It is not for nothing that we rediscover traces precisely of this teacher at the origin of many contemporary paths of pedagogy and spirituality; without him neither St John Bosco nor the heroic “Little Way” of St Thérèse of Lisieux would have have come into being."


Thanks to hard detective work by my blog pal Terry Nelson of Abbey Roads it would appear that the proper identity of the picture above has been identified. See comments below

It would appear that the subject of the picture is not St Francis de Sales but probably St. Francis of Paola at prayer

Apologies for the error. However if anyone has any more information to definitively identify the subject and the artist that would be most welcome

Thanks once again to Terry for his hard work


  1. Terry - wonderful post as usual - but do you think the attribution to St. Francis de Sales could be an error by the museum? I ask because St. Francis is shown in the habit of a professed Franciscan friar. He may have been a tertiary or cord bearer, but it seems strange to represent him as a friar. Especially since he is so often depicted in art as bishop and I believe some images may have been living portraits. What do you think. On occasion I find museums have missed in their attributions and when contacted they tell me they inserted the wrong photo or something. I may be wrong. Thanks.

    1. Thank you, Terry. I wondered about the attribution to St Francis de Sales too. I tried to find out more about the painting before putting up the post but hit a dead end. There`s not much on this particular work. Looking at the date of the painting, this would be part of the early iconography of the soon to be saint possibly while he was still "blessed" rather than saint. The artist had close connections to the French community in Rome and was commissioned to do major work for the French national church in Rome, Saint-Louis-des-Français. I`ll need to do more research but I wonder if the early cult of St Francis de Sales depicted him as another St Francis of Assisi especially as he seemed to be a mystic and visionary. I`ll come back to you on this. If you find out any more I`d certainly be interested. Kind regards, Terry

  2. Oh thanks - I'm glad you don't mind - I love mysteries like this. It is difficult for me to search the artist or to find any catalog for the museum.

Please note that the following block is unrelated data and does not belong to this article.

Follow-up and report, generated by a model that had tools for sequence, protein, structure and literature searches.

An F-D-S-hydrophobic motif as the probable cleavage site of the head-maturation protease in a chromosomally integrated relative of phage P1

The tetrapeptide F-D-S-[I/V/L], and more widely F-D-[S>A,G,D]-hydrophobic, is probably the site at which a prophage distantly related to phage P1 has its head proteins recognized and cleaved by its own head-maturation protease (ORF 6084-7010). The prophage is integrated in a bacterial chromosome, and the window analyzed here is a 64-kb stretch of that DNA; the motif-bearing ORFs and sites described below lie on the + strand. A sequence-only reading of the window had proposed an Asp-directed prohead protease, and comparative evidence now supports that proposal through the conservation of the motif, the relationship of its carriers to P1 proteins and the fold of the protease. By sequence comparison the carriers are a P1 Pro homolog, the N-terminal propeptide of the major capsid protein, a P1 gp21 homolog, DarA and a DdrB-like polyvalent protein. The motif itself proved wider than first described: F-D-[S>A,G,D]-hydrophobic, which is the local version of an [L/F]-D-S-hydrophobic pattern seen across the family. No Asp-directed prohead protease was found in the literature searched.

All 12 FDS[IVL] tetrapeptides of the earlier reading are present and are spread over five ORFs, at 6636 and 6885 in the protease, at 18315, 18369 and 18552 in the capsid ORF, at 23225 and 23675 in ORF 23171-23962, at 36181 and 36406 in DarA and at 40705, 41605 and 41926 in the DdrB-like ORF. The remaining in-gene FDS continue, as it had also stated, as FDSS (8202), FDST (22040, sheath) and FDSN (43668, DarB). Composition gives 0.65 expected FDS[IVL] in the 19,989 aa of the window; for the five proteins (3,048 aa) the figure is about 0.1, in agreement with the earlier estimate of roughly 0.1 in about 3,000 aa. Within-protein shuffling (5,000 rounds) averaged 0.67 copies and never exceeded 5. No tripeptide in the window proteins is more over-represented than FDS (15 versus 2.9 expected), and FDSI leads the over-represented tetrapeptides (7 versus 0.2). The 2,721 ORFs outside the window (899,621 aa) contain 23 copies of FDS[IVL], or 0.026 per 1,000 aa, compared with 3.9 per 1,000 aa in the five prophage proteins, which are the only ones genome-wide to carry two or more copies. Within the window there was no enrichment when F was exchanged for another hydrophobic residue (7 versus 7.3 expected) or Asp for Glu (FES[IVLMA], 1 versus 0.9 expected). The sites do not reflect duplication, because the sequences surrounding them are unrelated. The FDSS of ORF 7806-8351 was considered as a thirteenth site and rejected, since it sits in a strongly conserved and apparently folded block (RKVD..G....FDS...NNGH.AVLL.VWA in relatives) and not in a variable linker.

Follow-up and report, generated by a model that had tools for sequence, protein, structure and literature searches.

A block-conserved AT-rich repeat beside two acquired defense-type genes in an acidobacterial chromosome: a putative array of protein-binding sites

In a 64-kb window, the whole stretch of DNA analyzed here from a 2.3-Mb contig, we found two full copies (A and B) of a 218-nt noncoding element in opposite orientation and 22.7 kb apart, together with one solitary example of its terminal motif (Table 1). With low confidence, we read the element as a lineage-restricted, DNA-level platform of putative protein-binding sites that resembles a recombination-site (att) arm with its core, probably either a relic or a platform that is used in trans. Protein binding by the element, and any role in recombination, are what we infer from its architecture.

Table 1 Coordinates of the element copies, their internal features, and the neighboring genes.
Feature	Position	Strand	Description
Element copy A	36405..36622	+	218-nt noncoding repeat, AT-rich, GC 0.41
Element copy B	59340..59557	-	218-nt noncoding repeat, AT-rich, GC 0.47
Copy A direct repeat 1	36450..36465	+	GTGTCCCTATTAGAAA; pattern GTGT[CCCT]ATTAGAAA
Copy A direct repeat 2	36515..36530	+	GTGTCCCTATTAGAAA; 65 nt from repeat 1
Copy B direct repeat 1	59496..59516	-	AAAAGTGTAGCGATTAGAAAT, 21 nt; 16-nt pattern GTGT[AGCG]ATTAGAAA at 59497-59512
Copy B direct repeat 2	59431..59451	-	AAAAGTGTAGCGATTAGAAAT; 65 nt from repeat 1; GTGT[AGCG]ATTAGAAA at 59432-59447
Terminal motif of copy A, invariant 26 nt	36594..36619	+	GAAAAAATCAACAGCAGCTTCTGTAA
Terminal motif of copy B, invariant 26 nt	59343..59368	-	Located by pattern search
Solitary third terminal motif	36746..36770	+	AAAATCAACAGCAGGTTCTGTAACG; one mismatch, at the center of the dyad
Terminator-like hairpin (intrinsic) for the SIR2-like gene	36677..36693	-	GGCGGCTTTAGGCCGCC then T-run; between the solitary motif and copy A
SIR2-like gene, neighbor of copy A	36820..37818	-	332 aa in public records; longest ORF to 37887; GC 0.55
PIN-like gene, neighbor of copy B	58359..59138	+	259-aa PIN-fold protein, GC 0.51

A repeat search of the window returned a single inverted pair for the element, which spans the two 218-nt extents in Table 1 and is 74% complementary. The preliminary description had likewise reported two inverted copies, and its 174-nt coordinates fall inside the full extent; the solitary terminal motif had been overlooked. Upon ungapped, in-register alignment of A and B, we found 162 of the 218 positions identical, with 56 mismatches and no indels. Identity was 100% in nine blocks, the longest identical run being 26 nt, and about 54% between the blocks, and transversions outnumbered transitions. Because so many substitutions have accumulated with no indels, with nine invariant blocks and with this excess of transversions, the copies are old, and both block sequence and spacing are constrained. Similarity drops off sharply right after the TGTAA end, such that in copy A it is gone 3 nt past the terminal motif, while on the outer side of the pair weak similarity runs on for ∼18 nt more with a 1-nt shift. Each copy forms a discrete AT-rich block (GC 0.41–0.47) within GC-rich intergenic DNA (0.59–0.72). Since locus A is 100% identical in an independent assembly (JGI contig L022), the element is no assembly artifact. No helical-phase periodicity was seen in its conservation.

At first I wondered if the saint was a Franciscan but I do not see the cord - as I study it - he is wearing a rosary and it looks as if he may be wearing a scapular as well - which suggests a Carmelite. I can't make out what the cherub is pointing to, nor what the others are up to. I wondered if it was Simon Stock because the attitude of prayer is similar other depictions of the apparition of Our Lady. I'm not convinced however.

  3. Now I wonder if it could be the Carmelite bishop, St. Peter Thomas - Born in Perigod, France, around 1305. Sorry to bother - no need to print these comments.

  4. Found it! St. Francis of Paola at prayer - the site had a typo when they entered Mellin's first name - Chrales Mellin.

    Thanks for letting me do this - I considered Francis of Paola but thought against it since the Minims scapular was shorter - but it can vary I suppose.

    God bless you Terry - I love your blog!

  5. Hi Terry

    Sorry I didn`t get back sooner to you to thank you but I have been away

    Yes it would appear that you have solved this mystery. Well done. Do please do an email to the museum in France, the Musée historique lorrain, Nancy and tell them. Someone obviously has made a mistake in attribution. They will give you the appropriate credit

    The problem is we cannot get access to the catalogue of the Museum online to check. I don`t thin there is a catalogue raisonne of the artist either and it would appear that there have been a number of attributions to him simply on stylistic grounds and not on any other grounds

    It would be interesting to know the grounds for the Museum attributing the work to the artist as well as the title

    I did however look up the life of St Francis de Sales and it does appear that there is a strong connection with St Francis of Assisi. It would appear that he was named after him. Like St Francis he gave up his great inheritance against his father`s wishes to take up his vocation. There would also appear to be other incidents in the saint`s life where there is a connection with the poverello

    BTW I love your blog too